- Patient Care
- Hand & Microsurgery
- Arthritis of the Hand
- Thumb Arthritis
The base of the thumb is the most common joint in the body to get arthritis. Pain from arthritis at the base of the thumb can be debilitating and often affects all aspects of daily life.
Patients with arthritis at the base of the thumb often complain of:
- Pain with gripping or pinching
- Difficulty performing activities like opening a jar or turning a key
- Limited motion
- Swelling and tenderness at the base of the thumb
- An enlarged “out-of-joint” appearance
Evaluation and Diagnosis
Evaluation of a patient with the above symptoms begins with a careful physical examination. X-rays are taken to help confirm the diagnosis.
A variety of treatment options exist for treating arthritis affecting the thumb. Often, this starts with nonoperative treatments such as activity modification (such as altering hand grip) and anti-inflammatory medications. A brace to support the thumb joint during activities is helpful for symptom relief and management. Corticosteriod injections into the base of the thumb can be very effective at decreasing pain.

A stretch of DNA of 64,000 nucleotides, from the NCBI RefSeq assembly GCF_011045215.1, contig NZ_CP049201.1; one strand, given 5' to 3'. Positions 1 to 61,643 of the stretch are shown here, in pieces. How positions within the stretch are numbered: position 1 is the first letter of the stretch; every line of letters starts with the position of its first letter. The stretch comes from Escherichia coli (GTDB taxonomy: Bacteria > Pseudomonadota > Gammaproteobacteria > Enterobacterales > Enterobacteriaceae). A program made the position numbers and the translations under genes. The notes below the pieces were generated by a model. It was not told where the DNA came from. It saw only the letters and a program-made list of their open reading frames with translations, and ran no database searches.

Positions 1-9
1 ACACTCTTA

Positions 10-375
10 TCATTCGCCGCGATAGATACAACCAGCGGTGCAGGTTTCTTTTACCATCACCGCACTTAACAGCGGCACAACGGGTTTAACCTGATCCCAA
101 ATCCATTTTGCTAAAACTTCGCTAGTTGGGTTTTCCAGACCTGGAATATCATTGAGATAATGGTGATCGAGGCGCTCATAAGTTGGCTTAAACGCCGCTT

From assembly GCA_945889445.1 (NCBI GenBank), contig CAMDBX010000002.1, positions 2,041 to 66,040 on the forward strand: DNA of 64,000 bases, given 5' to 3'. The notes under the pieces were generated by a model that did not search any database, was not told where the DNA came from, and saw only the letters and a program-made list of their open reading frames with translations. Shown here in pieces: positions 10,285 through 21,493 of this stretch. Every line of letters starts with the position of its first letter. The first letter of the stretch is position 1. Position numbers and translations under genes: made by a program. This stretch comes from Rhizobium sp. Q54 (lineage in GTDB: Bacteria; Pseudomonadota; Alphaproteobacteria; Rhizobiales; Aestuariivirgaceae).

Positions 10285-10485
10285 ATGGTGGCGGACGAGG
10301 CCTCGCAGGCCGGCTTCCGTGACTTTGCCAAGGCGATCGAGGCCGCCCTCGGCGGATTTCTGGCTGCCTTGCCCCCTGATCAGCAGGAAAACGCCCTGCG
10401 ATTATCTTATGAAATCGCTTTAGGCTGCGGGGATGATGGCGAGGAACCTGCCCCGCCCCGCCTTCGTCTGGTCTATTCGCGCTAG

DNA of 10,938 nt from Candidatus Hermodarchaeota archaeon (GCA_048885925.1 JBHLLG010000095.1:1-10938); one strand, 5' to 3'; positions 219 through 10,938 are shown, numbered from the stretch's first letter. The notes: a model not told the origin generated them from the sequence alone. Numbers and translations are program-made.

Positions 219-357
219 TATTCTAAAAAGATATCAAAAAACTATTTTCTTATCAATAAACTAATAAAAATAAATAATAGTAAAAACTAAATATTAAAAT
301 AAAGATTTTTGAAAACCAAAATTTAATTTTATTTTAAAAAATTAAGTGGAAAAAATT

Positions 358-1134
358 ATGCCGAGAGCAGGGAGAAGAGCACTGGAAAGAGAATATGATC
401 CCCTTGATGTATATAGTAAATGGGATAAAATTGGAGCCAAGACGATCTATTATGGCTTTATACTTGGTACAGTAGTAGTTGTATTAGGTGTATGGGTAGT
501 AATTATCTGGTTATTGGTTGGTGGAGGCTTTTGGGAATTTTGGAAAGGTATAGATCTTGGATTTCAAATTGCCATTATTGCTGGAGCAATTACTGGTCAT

When these options fail, surgery may give substantial and long-term relief to patients with persistent symptoms. The need for and timing of surgery is tailored to each patient, but evaluation by an orthopedic hand surgeon is an important first step to establish a diagnosis and improve quality of life.